Against Monopoly

defending the right to innovate

Monopoly corrupts. Absolute monopoly corrupts absolutely.

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William Patry Bags His Blog

William Patry has ended The Patry Copyright Blog, and detailed his reasons for doing so.

His blog will be missed by all his readers, both copyright professionals and us amateurs. His copyright legal acumen, learning, and scholarship were second to none, and on full display in his seven-volume treatise Patry on Copyright, as well as in his blog.

In the last statement at his blog, he notes the depressing nature of the current state of copyright law. Of course it is depressing, but not just because of the reasons he sets forth.

Copyright law, in common with all "intellectual property[,] is a cancer," as Michele Boldrin and David K. Levine put it in Against Intellectual Monopoly, p. 264. Like all cancers, it has a tendency to metastasize and grow. It ultimately threatens the life of its host. Even short of killing, it can make life unpleasant, as it did for a young Chinese computer scientist, who was jailed for "infringing" a copyright last year. I don't recall William Patry speaking out against the violation of his liberty, but this blog did. Boldrin and Levine also discuss this issue at length. I can't recall one defender of the monopoly formerly known as intellectual property (or copyright) ever even taking note of the contradiction between liberty and "IP."

He notes that:

Copyright law has abandoned its reason for being: to encourage learning and the creation of new works. Instead, its principal functions now are to preserve existing failed business models, to suppress new business models and technologies, and to obtain, if possible, enormous windfall profits from activity that not only causes no harm, but which is beneficial to copyright owners. Like Humpty-Dumpty, the copyright law we used to know can never be put back together again: multilateral and trade agreements have ensured that, and quite deliberately.

Although his point about copyright's preservation of failed business models and technologies is correct, I must respectfully dissent from his view that its reason for being is "to encourage learning and the creation of new works." Copyright, like its older sibling patent, was born in an unholy alliance of kings and rent seekers, and is all about statism and rent-seeking, not creation and innovation. (N.B. William Patry disagrees with this and wrote about it at his blog.) Unfortunately, he has removed his archives, so it's impossible to read his blog on this subject.

Finally, his statement that

In order to encourage open discussion I permitted not only comments but anonymous and pseudonymous comments. I did that because I wanted to encourage the largest number of people to participate, and after four years I believe that was the right decision

is a bit disingenuous, as Crosbie Fitch and I would both attest to, having both had (non-crazy) comments he disagreed with removed.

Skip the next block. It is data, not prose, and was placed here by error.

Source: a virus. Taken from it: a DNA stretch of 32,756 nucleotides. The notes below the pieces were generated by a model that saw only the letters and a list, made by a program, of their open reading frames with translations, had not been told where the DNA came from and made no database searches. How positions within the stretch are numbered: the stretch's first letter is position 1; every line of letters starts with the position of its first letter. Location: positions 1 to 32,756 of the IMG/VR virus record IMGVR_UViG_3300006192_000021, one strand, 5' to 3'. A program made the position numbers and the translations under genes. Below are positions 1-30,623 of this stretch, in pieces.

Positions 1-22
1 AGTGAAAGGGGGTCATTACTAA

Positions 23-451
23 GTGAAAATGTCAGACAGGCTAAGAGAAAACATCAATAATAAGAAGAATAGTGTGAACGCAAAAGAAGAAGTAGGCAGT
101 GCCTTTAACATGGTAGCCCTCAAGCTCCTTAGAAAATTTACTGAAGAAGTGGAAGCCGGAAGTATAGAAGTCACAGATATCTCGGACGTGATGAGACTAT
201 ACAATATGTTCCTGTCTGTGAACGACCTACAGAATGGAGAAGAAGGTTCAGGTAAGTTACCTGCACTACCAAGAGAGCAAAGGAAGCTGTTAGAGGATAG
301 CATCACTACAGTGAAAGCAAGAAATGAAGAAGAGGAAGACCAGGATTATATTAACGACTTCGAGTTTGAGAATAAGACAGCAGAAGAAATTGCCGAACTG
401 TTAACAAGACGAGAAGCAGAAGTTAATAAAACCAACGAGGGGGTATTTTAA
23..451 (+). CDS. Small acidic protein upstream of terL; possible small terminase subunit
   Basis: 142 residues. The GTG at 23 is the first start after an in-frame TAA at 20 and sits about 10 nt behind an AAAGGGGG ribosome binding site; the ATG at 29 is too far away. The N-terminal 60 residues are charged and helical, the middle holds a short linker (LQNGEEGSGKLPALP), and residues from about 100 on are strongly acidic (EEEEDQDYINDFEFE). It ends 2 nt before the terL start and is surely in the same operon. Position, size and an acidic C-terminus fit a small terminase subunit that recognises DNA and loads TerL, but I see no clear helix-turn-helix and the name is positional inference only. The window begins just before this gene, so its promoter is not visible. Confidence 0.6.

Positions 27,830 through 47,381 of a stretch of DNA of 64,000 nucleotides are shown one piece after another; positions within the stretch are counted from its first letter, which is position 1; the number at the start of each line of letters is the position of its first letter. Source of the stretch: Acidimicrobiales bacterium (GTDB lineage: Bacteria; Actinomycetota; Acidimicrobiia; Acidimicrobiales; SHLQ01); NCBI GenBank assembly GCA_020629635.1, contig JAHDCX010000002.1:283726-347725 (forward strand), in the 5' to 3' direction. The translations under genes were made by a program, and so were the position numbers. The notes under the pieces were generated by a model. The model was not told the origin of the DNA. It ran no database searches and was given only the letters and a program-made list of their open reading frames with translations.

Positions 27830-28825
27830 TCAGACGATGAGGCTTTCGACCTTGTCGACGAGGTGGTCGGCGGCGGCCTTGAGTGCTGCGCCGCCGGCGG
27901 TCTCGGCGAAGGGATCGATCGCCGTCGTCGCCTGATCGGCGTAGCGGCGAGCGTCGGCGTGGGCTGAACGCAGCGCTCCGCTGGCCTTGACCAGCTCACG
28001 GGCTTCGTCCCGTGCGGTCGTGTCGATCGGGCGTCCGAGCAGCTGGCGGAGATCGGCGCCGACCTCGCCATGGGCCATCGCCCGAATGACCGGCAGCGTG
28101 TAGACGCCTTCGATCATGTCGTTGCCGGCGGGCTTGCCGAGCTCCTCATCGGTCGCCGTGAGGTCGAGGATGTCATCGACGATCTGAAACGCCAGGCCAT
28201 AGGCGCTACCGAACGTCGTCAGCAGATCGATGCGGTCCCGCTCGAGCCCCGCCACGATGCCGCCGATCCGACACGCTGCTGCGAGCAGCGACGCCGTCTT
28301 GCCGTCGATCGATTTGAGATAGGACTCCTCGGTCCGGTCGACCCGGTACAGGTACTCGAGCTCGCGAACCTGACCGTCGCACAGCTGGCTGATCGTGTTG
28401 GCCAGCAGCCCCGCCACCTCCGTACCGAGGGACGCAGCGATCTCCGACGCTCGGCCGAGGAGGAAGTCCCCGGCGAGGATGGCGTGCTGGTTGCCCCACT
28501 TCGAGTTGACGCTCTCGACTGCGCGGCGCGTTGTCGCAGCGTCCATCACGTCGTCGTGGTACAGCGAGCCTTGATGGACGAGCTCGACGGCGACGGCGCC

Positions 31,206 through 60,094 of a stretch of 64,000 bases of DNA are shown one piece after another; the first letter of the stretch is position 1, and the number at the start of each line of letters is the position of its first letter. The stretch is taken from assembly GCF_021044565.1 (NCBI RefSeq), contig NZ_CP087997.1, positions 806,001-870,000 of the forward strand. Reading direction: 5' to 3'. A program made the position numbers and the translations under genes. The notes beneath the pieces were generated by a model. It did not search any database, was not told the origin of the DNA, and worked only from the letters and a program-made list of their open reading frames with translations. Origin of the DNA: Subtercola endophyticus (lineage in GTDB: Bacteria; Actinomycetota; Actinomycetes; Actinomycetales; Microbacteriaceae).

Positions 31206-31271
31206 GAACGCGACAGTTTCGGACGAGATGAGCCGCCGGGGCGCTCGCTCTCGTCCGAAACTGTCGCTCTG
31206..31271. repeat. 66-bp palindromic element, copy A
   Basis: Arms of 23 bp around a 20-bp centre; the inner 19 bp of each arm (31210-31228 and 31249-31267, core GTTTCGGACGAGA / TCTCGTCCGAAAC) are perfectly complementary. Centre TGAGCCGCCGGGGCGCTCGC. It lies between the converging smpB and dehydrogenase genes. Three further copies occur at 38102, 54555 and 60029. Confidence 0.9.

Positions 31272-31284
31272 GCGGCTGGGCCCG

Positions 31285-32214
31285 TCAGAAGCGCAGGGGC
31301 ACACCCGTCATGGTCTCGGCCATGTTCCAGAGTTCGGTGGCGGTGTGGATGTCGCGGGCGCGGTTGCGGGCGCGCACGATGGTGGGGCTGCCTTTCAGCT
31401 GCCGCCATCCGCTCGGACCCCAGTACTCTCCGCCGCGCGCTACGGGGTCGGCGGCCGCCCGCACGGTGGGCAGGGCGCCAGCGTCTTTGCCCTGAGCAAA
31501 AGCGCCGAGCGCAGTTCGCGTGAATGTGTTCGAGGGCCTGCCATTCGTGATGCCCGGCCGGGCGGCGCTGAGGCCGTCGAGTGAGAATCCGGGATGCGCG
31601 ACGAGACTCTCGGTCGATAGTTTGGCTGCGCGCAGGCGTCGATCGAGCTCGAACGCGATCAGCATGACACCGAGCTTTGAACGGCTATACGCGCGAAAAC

The legal arcana was a bit heavy going, and of more interest to copyright lawyers. I will miss his blog more for its historical scholarship and erudition, as well as its occasional bursts of humor. I might not have discovered authors such as Ronan Deazley otherwise, to name one.


It appears that Copyright is William Patry's life. It is a mature student he has life-coached in its later years, attempting to guide and channel along socially conducive lines.

I think he realises now that copyright has fallen in with the wrong crowd and no longer chooses to represent the public interest above that of corporations (quite the opposite).

I think Patry may now have decided to let go of his prodigal son, to hope that perhaps one day copyright will realise the error of its ways and cease lending its power to those eager to persecute the public.

However, what Patry can't tolerate are those who'd suggest he'd been fostering and encouraging a psychopath, that copyright and patent are unethical, unnatural privileges that have been slipped into the legislation though corruption.

Those of us who hold to such notions are the 'crazies'. And once Patry has identified you as a 'crazy', your words are tainted, all arguments void - however measured and well reasoned.

Understandably, it must seem crazy to propose abandoning a three centuries old commercial privilege, but when the fundamental nature of the digital domain and the instantaneous diffusion of the Internet render copyright ineffective, and reveal it for the anachronism it is, there seems to be little point in shooting fish in a barrel - suing youngsters for enjoying their natural cultural liberty.

I for one would ask William to keep on blogging. However, I would suggest that he engage in conversation with those of us who suggest that copyright itself may be the problem, not simply those who so ruthlessly prosecute it.


I don't think it's a matter of copyright having fallen in with the wrong crowd. It was always a creature of that crowd--parliaments and congresses in league with rent seekers, and later their intellectual defenders. In saying "that perhaps one day copyright will realise the error of its ways and cease lending its power to those eager to persecute the public" you anthropomorphisize a legal institution that was created and enforced by human agents (e.g. legislators and the police).

Copyright is a problem, but don't forget that this problem was created by human agents and can only be solved by "acting man," as Mises used to say. It won't go away on its own accord. That's why we have to keep writing and remonstrating.

Here's a radical thought: William Patry closed his blog just as Against Intellectual Monopoly was published. Maybe he read it and has subconsciously converted to favoring copyright abolition. Maybe he can't reconcile supporting what you say is an anachronism with supporting other values, such as liberty and property. Copyright is being undermined every day by technology and new businesses, and profitable creativity and innovation continue apace.